The team also discovered that these methods were strongly dependent on temperature, and that temperature control over a range of a few tens of degrees could prevent the initiation of the photo-degradation mechanisms or accelerate the self-healing process.
After studying many probable physical mechanisms to clarify the microscopic origin of the configuration of these trap states, joint experimental and hypothetical investigations wrapped up that the most probable scenario is the development of tiny polaronic states involving lattice strain and molecular re-orientations of the organic cation found in the perovskite lattice.
Although several theoretical works have predicted the important role of the organic cation (CH3NH3) in organometallic halide perovskite, it is one of the first joint experimental-theoretical reports on the observation of its impact on the properties of perovskite materials and devices. Our understanding of the organic cation is still primitive, but our work demonstrates its utmost importance in the photo-stability of perovskite devices and calls for further investigations in the future.
Jean-Christophe Blancon, Los Alamos National Laboratory
Significantly, this research will give researchers around the world the first solution to the photo-stability problem in perovskite gadgets. Going forward, research will go in the direction of improvements and the lasting technological feasibility of perovskite-based photovoltaics.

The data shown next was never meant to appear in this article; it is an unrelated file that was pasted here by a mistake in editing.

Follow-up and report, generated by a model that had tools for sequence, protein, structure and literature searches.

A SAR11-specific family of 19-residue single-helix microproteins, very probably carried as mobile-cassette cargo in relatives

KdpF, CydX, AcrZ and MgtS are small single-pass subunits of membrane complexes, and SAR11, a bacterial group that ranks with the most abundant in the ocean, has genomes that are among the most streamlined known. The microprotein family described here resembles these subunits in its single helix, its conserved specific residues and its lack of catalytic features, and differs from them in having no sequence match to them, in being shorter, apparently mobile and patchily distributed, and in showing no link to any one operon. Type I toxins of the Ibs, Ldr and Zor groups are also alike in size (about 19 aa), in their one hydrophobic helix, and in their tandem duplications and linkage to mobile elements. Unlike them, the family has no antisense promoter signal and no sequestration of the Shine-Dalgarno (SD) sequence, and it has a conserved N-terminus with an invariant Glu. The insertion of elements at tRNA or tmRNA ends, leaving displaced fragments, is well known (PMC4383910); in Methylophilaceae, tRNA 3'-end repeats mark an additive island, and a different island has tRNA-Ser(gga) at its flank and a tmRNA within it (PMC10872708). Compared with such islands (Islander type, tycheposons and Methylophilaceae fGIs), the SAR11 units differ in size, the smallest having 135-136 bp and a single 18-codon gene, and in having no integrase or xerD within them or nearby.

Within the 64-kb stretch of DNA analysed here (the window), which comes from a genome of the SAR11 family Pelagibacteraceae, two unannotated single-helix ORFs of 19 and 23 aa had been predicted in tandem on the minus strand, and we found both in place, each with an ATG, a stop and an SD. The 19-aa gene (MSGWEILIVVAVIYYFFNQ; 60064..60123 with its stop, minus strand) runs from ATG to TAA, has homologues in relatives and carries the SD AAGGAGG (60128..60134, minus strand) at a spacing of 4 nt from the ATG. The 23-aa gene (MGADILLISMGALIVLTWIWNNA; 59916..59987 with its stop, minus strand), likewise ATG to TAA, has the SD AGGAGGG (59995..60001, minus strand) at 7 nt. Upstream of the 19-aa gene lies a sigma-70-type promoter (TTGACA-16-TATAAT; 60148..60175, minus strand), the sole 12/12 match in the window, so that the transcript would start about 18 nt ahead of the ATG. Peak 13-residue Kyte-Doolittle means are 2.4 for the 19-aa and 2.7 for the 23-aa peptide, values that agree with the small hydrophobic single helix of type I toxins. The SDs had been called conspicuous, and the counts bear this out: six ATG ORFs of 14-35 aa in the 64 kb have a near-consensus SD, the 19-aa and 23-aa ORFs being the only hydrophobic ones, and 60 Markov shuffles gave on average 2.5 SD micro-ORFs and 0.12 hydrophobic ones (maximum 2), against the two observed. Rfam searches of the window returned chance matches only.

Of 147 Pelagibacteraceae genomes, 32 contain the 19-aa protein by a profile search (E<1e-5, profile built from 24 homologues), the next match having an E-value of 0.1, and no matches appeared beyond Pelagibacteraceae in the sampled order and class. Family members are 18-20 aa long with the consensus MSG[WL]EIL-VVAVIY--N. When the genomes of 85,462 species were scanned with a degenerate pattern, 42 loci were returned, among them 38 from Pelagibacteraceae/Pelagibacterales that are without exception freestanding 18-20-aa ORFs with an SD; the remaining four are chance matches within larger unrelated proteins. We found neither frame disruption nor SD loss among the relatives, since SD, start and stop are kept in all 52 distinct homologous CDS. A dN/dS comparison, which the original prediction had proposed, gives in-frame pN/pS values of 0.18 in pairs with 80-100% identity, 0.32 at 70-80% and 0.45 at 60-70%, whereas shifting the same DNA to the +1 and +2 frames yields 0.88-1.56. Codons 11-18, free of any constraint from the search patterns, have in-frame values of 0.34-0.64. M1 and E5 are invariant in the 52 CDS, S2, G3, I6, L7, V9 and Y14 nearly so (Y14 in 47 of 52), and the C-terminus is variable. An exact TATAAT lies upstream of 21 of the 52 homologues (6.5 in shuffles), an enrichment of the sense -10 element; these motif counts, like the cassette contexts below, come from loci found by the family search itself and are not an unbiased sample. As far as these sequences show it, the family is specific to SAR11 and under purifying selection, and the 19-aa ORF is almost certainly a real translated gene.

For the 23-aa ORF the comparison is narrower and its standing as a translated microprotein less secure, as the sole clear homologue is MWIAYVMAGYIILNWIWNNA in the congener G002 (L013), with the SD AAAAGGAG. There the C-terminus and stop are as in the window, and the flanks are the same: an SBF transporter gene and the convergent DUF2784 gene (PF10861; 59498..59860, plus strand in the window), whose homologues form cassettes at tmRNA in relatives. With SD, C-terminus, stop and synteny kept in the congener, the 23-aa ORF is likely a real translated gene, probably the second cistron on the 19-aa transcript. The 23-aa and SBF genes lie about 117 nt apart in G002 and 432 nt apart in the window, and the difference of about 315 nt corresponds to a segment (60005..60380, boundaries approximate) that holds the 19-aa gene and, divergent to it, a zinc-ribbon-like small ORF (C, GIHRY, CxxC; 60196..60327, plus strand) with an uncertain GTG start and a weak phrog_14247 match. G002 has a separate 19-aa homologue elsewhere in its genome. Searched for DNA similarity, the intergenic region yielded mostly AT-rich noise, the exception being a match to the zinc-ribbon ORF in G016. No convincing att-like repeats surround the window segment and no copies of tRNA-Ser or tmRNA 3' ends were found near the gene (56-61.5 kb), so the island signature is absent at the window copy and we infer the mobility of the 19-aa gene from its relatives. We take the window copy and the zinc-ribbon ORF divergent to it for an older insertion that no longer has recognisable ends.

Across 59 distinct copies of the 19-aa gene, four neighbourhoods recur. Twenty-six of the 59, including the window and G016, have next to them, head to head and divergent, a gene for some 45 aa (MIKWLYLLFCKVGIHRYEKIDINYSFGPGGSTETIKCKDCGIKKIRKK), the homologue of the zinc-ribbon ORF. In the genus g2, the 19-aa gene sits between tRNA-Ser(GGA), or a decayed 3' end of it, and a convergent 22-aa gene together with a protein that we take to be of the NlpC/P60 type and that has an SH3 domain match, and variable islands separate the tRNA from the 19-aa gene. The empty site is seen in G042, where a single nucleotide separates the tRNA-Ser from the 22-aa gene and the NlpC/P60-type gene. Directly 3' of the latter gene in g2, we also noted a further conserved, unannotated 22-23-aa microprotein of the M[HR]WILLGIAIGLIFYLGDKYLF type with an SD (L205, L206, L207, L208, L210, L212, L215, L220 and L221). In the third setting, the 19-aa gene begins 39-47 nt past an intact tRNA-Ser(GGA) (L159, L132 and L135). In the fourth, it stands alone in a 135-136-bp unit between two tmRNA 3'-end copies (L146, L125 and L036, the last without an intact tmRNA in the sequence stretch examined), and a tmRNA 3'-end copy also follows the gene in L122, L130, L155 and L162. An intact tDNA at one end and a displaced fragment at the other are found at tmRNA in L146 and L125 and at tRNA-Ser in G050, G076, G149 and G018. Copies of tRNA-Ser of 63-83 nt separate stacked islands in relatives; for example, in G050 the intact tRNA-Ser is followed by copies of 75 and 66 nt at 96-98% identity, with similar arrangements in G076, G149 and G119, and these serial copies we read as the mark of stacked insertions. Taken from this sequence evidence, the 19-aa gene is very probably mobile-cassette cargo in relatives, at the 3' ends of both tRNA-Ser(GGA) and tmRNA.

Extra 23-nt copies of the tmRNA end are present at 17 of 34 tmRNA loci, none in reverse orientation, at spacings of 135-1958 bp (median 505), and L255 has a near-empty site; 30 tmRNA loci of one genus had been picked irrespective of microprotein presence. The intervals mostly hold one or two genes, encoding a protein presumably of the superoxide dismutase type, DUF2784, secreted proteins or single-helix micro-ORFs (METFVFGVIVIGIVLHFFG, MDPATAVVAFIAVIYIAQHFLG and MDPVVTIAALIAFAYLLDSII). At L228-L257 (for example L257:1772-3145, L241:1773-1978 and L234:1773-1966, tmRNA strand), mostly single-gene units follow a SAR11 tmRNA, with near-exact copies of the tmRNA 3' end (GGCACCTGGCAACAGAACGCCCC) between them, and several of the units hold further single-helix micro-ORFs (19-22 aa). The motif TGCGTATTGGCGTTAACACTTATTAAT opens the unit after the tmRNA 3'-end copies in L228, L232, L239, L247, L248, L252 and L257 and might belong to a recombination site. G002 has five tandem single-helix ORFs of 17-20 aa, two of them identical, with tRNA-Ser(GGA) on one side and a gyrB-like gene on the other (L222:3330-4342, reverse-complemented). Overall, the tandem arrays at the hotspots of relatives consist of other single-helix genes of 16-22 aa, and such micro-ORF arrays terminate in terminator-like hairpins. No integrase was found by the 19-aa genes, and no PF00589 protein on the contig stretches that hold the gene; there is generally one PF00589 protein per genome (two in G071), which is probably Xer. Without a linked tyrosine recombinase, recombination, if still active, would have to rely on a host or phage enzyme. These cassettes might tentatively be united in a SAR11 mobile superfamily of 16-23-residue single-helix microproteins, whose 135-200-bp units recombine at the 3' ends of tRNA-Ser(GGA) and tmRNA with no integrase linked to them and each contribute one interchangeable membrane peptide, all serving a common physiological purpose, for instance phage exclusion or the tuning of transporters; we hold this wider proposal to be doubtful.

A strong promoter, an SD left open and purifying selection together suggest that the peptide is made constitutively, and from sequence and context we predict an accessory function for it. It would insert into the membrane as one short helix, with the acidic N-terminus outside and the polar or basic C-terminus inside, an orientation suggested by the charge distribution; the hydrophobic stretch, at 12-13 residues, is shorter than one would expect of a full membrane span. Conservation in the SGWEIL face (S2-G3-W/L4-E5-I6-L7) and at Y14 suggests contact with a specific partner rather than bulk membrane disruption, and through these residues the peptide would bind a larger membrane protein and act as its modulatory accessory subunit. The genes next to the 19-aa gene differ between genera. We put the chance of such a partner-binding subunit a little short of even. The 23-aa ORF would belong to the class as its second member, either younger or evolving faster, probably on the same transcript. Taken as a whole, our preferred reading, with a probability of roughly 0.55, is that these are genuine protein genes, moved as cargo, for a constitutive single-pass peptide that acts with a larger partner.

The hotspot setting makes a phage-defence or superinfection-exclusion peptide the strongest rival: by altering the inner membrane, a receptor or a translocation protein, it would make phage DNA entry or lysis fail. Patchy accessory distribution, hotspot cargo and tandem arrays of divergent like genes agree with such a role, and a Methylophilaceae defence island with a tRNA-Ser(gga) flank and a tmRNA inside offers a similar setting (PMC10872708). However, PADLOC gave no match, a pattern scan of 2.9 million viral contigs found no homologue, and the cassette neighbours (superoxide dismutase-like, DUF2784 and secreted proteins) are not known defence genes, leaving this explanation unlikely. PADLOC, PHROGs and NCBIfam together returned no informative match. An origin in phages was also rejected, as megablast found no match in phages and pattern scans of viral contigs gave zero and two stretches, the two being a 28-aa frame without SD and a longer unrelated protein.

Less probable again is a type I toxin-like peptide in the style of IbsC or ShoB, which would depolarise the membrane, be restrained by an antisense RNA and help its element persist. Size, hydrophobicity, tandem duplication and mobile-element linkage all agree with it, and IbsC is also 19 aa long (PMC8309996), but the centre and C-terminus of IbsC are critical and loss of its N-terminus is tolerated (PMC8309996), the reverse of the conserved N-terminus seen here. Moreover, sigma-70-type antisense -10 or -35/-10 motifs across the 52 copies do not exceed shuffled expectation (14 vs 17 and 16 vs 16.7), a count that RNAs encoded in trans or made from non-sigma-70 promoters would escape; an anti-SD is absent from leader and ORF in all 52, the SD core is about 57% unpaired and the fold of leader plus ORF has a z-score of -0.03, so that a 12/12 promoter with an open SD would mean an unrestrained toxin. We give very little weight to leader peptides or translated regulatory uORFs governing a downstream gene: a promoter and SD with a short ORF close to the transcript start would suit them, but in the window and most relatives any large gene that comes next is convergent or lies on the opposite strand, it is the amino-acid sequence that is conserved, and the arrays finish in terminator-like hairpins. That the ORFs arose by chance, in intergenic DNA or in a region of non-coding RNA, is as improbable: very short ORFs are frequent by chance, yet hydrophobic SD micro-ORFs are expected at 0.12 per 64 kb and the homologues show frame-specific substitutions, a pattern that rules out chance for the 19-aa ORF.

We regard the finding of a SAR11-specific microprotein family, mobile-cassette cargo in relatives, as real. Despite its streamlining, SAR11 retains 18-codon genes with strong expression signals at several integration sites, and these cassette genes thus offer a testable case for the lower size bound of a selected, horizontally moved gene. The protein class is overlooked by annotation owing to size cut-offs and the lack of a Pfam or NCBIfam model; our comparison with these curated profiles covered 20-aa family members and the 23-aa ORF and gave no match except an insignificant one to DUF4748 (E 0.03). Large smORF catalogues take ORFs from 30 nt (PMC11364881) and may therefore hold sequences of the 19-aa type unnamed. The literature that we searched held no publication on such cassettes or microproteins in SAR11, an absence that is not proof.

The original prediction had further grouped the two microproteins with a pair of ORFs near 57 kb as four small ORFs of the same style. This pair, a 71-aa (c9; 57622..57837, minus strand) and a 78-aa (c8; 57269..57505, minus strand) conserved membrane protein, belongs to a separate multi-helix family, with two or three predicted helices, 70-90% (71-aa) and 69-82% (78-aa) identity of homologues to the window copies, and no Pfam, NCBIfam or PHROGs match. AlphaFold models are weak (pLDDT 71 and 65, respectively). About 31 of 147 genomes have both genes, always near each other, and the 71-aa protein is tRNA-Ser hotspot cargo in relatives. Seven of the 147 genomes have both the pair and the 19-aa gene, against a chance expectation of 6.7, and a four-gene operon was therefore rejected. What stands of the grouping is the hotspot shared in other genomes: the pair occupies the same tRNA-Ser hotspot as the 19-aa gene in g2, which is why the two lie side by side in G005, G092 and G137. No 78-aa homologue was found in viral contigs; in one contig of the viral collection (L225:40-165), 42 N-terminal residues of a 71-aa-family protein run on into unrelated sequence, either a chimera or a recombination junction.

Hybrid perovskite materials, which are crystalline semiconductors processed from solution at low temperature, tend to possess superior opto-electronic properties that have facilitated a wide range of device applications. Los Alamos is one of the leaders in the race among hybrid perovskite photovoltaic research group. By unraveling the stability issue, the team is set to use the material in other applications concerned with US energy security.
The paper’s Los Alamos authors are Wanyi Nie, Jean-Christophe Blancon, Amanda Neukirk, Hsinhan Tsai, Sergei Tretiak, Jared Crochet, Gautam Gupta and Aditya Mohite. From Brookhaven National Laboratory are Kannatassen Appavoo and Matthew Sfeir; from Rutgers University is Mannish Chhowalla; from Purdue University is Mohammad Alam; from Université de Rennes 1, France is Claudine Katan; and from INSA de Rennes, France is Jackie Even.
The research conducted at Los Alamos National Laboratory was supported by DOE Office of Basic Energy Sciences and by the Los Alamos Laboratory Directed Research and Development program. The research was performed partially at the Center for Integrated Nanotechnologies, a DOE Office of Science User Facility at Los Alamos.
The computational and DFT calculations conducted made use of the resources provided by the Los Alamos Institutional Computing Program, supported by the US Department of Energy National Nuclear Security Administration. Bay Area Photovoltaic Consortium (BAPVC) supported the study conducted at Purdue University. The study based in France was supported by Cellule Energie du CNRS (SOLHYB- TRANS Project) and the University of Rennes 1 (Action Incitative, Défis Scientifique Emergents 2015). This research applied resources of the Center for Functional Nanomaterials, which is a US DOE Office of Science Facility, at Brookhaven National Laboratory.